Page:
Talk:old

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Rfd-redundant "Of a living being, having lived for relatively many years" redundant to "Of an object, concept, relationship, etc., having existed for a relatively long period of time". Or am I missing something?​—msh210 18:41, 25 February 2010 (UTC)

A lot of languages have different translations for these two senses, that might be why they are split. Polarpanda 20:40, 25 February 2010 (UTC)
That is not a consideration under WT:CFI. Having senses that are redundant in English will be one of the many ways in which polylingual considerations will prevent en.wikt from being a successful monolingual English dictionary and will leave it without enough contributors to bring "Century 1912(?)" and "Webster 1913" English definitions up to date.
Delete. DCDuring TALK 23:01, 25 February 2010 (UTC)
Delete by all means, but remember to merge the translation tables. --Hekaheka 07:50, 26 February 2010 (UTC)
  • I do think it's worth keeping them separate – not just because of the translations, although that is one clue that these are slightly different concepts. To say that a person is old is not quite the same as saying that the idea of freedom is old, and although "advanced in years" and "long practised or experienced" can both be reduced to "having existed for a relatively long time", it's not necessarily useful to do that. Ƿidsiþ 12:58, 26 February 2010 (UTC)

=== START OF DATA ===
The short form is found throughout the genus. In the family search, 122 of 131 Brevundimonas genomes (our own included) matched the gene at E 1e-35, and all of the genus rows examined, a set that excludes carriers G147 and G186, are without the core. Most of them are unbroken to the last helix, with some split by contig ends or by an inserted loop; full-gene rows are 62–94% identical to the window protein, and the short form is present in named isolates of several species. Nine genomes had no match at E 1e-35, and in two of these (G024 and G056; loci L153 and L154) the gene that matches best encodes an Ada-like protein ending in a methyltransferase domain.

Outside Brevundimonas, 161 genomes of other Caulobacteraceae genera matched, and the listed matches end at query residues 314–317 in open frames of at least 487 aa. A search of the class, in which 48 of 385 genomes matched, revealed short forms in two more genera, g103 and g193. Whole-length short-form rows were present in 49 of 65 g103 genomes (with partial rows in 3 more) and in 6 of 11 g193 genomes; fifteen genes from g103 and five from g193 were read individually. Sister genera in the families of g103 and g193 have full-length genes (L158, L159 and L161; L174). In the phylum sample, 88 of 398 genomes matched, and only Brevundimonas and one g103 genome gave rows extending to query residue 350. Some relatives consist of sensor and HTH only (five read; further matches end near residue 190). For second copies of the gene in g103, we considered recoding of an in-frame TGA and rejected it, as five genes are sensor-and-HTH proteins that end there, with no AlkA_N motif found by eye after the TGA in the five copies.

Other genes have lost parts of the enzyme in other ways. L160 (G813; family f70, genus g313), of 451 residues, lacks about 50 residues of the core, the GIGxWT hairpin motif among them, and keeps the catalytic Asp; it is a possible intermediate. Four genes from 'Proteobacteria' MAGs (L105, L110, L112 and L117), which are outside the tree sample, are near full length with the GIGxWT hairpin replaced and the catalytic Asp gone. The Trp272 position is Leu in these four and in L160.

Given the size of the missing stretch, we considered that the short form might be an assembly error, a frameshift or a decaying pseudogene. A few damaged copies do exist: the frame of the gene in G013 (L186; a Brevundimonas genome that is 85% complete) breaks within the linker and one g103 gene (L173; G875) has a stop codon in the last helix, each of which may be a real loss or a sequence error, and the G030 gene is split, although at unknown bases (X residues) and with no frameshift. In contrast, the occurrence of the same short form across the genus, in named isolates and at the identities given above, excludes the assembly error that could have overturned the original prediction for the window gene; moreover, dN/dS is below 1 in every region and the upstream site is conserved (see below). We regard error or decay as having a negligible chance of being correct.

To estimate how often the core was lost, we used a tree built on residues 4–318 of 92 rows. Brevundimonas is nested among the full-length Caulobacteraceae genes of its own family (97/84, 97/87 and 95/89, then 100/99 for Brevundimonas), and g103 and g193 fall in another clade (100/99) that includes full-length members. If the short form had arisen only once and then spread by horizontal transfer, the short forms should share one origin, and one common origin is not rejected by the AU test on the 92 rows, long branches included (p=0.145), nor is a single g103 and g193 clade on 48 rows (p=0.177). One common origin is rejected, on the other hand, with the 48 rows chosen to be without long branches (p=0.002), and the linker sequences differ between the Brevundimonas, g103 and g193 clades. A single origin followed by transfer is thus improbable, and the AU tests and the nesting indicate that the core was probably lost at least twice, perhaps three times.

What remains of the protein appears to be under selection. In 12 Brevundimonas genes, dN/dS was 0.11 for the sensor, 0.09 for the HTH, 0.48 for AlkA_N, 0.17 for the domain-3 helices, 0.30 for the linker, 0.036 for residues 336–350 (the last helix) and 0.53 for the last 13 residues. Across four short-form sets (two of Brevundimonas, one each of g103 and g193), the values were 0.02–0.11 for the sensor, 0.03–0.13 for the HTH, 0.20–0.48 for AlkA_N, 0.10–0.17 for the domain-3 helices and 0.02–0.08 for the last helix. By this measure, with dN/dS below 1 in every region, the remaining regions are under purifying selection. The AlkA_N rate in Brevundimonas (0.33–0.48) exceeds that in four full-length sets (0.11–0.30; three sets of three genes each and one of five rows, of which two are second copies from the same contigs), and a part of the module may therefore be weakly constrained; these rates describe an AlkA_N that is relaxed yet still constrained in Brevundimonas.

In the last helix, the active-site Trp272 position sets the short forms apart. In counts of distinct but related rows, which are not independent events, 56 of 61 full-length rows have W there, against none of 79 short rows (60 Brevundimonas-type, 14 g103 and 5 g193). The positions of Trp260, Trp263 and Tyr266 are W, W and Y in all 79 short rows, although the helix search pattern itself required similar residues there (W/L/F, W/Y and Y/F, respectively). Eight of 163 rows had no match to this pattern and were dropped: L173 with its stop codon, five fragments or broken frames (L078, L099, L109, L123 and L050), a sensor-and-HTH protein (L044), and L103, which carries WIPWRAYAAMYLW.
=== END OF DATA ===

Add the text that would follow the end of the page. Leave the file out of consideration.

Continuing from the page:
Well yes, there is a difference. The first applies to people and things with a sell-by date, and the second is for things that simply cannot be called new, but do not necessarily have a life expectancy -- ALGRIF talk 14:55, 26 February 2010 (UTC)
Keep and rewrite per Algrif.​—msh210 17:05, 4 March 2010 (UTC)
  • So, thinking about it, how about something like Nearing the end of it's expected life time for the first? It needs to cover "old bread" as much as "old person". -- ALGRIF talk 18:13, 26 February 2010 (UTC)
  • Keep. The senses can be refined even further. Check other dictionaries including modern ones such as Merriam-Webster online and Encarta to see how many useful nuances of meaning can be found. --Dan Polansky 10:43, 27 February 2010 (UTC)
    I have done some work on the entry. Please check and, if in agreement, remove the RfD-sense. Cheers. -- ALGRIF talk 16:01, 8 April 2010 (UTC)
    Very nice. Thanks. Detagging and striking.​—msh210 16:49, 8 April 2010 (UTC)